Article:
What is one of our games you liked? How would you improve it?

Did they do a bit of research about your company? Are their suggestions good? Do their suggestions align with your sensibilities?

 

What is one of our games you don’t like? How would you fix it?

Can they speak rationally and candidly about your work they think could be better? If they bring up something you already is bad, and the good candidates will, engage them in the process that produced that bad result and see how they would have handled the situation.

 

What is your greatest success and failure?

This is a standard interview question but what I am looking for is a candidate to be able to speak to their failure and say, 1) I messed up and 2) It was 100% my fault. If someone puts all the blame on someone else for their failure, that’s a big red flag.

 

What *don’t* you do?

Identify candidates missing skills or potential areas of improvement: writing, scripting, music, etc. This can also reveal red flags you may take for granted even talking about. I once had a seemingly good candidate tell me he had some grudge against programmers and wouldn’t talk to them! :O

 

I am holding a robot under the table, what does it look like?

This is a creativity test. Do they give a generic description? (e.g. “It’s metal and had some lights”) or do they go nuts (“It’s purple and yellow and has tank treads for legs and probably shoulder missiles. You gotta have shoulder missiles!”)

 

What is design?

Inspired by the book, The Design of Everyday Things, I am looking for an answer along the lines of “problem solving”. Extra points for “problem prediction”.

 

What is Your Ideal Job Entail?

This is to tease out a candidate who only want to do the fun parts of design – the initial concept and design. Do they want to bail when the process of execution, compromise, and collaboration becomes difficult?

 

Game Design Test

A common game design test is to give candidates a number of physical items and give them an hour or two to come up a game. That is a sound idea. I have another approach.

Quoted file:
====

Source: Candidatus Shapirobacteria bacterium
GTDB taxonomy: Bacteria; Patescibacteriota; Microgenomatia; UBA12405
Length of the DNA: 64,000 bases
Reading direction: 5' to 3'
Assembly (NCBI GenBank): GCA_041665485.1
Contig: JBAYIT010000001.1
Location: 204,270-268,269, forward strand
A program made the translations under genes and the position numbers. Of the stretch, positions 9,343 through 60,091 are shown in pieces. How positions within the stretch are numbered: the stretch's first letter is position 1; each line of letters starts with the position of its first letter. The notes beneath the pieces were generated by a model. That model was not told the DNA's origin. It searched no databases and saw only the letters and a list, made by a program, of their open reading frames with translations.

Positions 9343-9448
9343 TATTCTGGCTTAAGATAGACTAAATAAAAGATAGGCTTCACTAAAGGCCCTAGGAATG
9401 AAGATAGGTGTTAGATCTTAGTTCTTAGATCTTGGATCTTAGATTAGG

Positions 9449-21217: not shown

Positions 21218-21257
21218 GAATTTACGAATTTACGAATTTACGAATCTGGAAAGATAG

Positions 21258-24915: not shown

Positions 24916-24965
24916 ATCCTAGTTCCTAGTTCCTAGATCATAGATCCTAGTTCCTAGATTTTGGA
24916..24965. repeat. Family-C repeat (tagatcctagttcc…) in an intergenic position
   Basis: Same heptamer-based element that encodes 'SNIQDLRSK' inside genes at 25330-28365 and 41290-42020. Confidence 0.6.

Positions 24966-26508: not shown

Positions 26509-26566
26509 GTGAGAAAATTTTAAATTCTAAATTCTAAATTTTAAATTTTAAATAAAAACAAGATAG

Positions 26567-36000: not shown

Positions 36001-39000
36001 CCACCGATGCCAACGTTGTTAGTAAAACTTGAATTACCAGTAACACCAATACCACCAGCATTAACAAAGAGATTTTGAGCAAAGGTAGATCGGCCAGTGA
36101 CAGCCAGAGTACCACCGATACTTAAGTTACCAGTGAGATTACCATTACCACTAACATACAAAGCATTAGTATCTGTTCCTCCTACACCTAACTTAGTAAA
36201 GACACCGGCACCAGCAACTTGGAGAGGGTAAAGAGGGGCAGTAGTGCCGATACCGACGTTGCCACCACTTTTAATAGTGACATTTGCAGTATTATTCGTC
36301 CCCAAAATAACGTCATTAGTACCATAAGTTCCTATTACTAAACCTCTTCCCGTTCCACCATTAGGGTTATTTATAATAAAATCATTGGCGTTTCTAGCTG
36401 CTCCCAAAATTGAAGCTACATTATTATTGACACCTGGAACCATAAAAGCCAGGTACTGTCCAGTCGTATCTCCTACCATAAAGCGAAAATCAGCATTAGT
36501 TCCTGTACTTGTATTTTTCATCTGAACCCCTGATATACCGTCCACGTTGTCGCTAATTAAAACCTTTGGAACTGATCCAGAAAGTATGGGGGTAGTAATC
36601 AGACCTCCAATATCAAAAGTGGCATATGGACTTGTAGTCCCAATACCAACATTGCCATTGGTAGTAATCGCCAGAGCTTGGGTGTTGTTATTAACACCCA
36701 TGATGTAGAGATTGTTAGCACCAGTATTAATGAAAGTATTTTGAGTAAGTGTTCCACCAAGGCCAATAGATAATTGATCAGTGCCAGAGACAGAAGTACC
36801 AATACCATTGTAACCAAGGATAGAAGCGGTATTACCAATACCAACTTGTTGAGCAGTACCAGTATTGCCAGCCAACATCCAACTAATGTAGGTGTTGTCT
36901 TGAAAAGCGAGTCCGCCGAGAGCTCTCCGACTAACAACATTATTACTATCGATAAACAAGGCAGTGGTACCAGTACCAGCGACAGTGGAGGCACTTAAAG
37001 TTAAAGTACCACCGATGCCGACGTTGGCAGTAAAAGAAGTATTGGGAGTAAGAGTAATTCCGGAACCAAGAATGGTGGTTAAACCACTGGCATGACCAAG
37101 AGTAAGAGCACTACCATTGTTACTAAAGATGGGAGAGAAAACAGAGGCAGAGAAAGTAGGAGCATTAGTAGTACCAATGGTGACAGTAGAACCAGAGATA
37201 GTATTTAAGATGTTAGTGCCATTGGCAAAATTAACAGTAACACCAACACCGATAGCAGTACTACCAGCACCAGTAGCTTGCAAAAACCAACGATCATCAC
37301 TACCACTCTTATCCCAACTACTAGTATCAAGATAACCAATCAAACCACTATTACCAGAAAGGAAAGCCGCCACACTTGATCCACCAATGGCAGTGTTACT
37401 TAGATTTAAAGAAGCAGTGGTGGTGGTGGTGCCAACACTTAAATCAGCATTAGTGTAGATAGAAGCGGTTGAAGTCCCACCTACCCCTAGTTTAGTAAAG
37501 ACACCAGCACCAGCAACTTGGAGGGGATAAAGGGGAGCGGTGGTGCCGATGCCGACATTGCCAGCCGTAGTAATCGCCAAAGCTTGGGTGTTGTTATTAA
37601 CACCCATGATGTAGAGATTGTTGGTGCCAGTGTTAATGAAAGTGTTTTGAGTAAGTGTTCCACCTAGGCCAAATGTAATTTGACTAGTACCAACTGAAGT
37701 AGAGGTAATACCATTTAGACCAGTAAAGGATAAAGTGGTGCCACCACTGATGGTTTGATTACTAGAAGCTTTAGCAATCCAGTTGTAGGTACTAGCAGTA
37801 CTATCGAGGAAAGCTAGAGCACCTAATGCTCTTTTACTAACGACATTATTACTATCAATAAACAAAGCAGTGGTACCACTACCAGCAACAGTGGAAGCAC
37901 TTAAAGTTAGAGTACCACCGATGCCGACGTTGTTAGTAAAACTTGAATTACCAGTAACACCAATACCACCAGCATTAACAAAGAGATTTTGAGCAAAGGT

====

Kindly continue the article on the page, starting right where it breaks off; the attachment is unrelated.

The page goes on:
Give the candidate a relatively simple game design, like a simple runner or a shooter, and ask them design deeper systems. What I am looking for here is true depth. An inexperienced designer will start layering features (power-ups, classes, more levels, etc.) instead of depth on the core feature.

A good test for a level designer is to give them a core system, like jet packing or dashing, and ask them to design levels around the core mechanic. Do they ramp up use of the mechanic well? Do they provide clever twists on the design you didn't even think of? Do they pace use of the mechanic well?

Conclusion

Some of this is not useful for hiring junior canidates. It's unrealistic to expect a recent college graduate to be able to speak to many game design aspects in a formal way. Sometimes you have to settle for a glimmer of greater than "just a game player" in their interview and work to make them grow into smart designers. A strong mentor to help young designers make progress is important. Having activities (such as weekly design challenges, game jams, etc.) that clearly measure progress in place for the employee and yourself is ideal. You also have to face the reality that some people in the games industry never make the leap from passionate game player to smart design creator.

I have other, standard interview questions mixed in ("Tell me about your last job.", "Why do you want to work here?", etc.) but this are my go-to list to determine if candidates have the mindset to be game designers.